Spend enough time in enough circles within Houston's music scene, and you're bound to meet a good portion of its major players. But sometimes an artist comes around and, for whatever reason, you have no idea who they are. I could say that was the case when I was introduced to the band Vodi, but seeing as how the band is made up of a who's who of Houston artists, it was more like that I wasn't prepared for what their music would do to me. When you grow up being into punk and other music on the fringes of the mainstream, anything that doesn't fit that mold can throw you for a loop.
However, with Vodi, I find myself welcoming the change. Almost as if you took softer music and amped it up, Vodi stands alone in the local scene with an engaging sound not unlike The War On Drugs. On their debut album Talk, released this week, Vodi easily feeds that sound into your ears — and, more importantly, into your heart. In nine songs, they carve out a space in the music world that's all their own without echoing much of what we've all been force-fed over the past 20 years.
Still, peel back the many layers of this album, and you'll find things that remind you of how music sounded in the late '70s and into the '80s. Made up of Tank Lisenbe (Robert Ellis); Austin Sepulvado (Ancient Cat Society, Dollie Barnes, Buxton); Haley Lynch (Dollie Barnes, Ancient Cat Society); and several others who can do far more than just carry a tune, Vodi's lineup is made up of heavy hitters and then some. Still, guitarist, chief songwriter and vocalist Tom Lynch is running the show here, and on Talk he shines like the brightest star in a galaxy full of them. Opening with the reverb-soaked guitar and lip-smacking synth tones of "Notice," over a driving bass line and snappy drums, Vodi quickly makes their presence felt.
The meandering guitars dancing alongside Lynch's vocals create a space where true musicianship thrives, while the song's almost lustful spirit immediately sticks in your head. It's so immediate that you'll find yourself locked in; the music brings to mind children playing in the summer moonlight. As a unit, Vodi makes you aware of how impressive the sum of their parts can be. The catchy, uptempo title track follows, another strong melody that, thanks to the interplay of Lynch's vocals with Haley and Sepulvado, feels like the ingredients of a well prepared meal.
By the third track, "Pressure," you should be pretty in love with the sounds that seep into your headphones. Were Vodi a loud and brash sort of band, the way their guitar tone matches up perfectly with the other instruments wouldn't be as important as it is on this song, or this entire album. That being said, the song's soft and slower should be an instant tipoff how masterfully these six musicians perform together. Despite the slower tempo, it's still a head-bopper thanks to how these artists, and I don't use that word lightly, work in subtle nuances; there's a real art to what's happening here. The band picks up the pace about a half-step on "First Time," adding little stabs from the vibraphone over a foundation of agreeable organ. Again, even with the beautiful arrangement, it's Lynch's register-hopping vocals that steal the show.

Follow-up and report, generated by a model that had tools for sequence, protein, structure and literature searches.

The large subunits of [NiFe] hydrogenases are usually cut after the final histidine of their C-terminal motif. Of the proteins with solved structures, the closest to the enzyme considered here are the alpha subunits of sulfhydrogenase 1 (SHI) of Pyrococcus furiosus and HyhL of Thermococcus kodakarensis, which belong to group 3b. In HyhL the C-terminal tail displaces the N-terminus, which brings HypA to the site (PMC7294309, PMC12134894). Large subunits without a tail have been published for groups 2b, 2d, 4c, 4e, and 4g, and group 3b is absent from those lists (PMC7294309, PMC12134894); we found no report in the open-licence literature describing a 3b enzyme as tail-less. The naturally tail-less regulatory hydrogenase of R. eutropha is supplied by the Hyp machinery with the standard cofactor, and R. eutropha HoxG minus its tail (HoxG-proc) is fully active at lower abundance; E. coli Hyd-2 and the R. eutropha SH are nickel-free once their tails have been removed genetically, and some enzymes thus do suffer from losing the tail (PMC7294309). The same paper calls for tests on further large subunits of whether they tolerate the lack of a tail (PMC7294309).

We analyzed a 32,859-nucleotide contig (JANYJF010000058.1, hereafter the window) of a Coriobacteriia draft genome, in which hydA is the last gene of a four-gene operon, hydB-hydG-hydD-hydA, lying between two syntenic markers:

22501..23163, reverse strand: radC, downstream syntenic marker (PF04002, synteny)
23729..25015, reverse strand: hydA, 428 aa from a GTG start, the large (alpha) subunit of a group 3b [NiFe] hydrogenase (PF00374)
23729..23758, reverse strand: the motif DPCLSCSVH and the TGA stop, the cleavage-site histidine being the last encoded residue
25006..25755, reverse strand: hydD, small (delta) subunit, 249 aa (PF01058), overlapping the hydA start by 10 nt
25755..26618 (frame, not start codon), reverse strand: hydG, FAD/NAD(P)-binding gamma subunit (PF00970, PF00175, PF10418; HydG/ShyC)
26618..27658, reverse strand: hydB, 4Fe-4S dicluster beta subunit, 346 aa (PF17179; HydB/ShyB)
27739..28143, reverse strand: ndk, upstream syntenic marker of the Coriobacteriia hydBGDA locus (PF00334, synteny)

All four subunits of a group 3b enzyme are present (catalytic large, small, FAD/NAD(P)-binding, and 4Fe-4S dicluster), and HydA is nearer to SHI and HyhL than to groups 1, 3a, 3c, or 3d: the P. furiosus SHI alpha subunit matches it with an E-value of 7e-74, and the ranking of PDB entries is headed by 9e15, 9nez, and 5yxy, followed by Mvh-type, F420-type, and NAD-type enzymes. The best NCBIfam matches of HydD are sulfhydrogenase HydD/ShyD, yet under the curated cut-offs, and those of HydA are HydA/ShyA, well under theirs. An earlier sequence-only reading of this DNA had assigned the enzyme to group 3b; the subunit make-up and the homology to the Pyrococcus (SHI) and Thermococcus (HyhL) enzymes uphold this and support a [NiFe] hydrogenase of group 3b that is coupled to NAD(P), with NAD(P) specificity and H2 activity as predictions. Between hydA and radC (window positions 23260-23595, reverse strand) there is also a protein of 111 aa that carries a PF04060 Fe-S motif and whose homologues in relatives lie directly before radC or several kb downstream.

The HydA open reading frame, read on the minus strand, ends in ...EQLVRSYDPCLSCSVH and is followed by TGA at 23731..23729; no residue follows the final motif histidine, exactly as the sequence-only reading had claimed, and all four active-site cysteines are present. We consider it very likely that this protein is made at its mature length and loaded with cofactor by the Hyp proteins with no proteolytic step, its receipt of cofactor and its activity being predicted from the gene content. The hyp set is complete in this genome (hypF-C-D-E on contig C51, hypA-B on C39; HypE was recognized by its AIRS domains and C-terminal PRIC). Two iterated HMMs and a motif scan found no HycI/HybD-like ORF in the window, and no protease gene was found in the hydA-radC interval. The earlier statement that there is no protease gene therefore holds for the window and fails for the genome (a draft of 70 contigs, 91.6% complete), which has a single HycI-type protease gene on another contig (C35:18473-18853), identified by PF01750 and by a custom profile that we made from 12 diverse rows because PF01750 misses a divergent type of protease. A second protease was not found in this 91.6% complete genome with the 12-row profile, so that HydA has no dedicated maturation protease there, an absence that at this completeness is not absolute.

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Around "Riverside," Vodi's hooks should be in your gills and you should find yourself being en route to being thrown in the boat. The song takes the band's sound to a higher plane, offering up a new twist on the traditional rock form. The bridge alone should be enough to get you to place the track on repeat, if the drums and driving tempo don't get to you first. The '70s rock worship on "Night Creature" shouldn't deter you from giving it a spin; this song feels like what I was wanted from the bulk of that era when I first experienced it. The twangy guitar and drums up front, but not in an overpowering way, are so easy to like that it deserves its own button on social media. "Quietly" shares similarities to Bob Dylan's Blood On the Tracks era: listen hard enough, and you'll notice Haley Lynch's backing vocals just underneath Tom Lynch's vocals like a Russian nesting doll. They're hard not to hear together, pairing like fine wine and good cheese.
Vodi takes this '70s throwback feel even further on "State Line," though it's the closer, "Gold," that leaves the strongest impression. That tremolo on the opening guitar lick serves as a reminder of the many acts who have tried to add that sound to their repertoire without much success. Lynch stands alone for the bulk of the vocals here, but he carries the song with a rare grace and precision. When the organ kicks in, Lynch opens up like he's singing to the skies, and the track takes your ears to another galaxy. The song is easily one of the strongest of the album, and leaves you wanting a little more.
The album, available on November 4, might be one of the strongest local releases to drop this year. By doing their own thing while embracing a sound largely absent from modern music for 30 years, Vodi carves out a space they can easily own, while making pretty much anyone who hears them an immediate fan for life. Catch Vodi in person this weekend at the album-release party for Talk, featuring special guests El Lago and Astragal, this Saturday, November 4, at Rockefeller's. Doors for the 21 and up show are at 7 p.m.; $10 cover.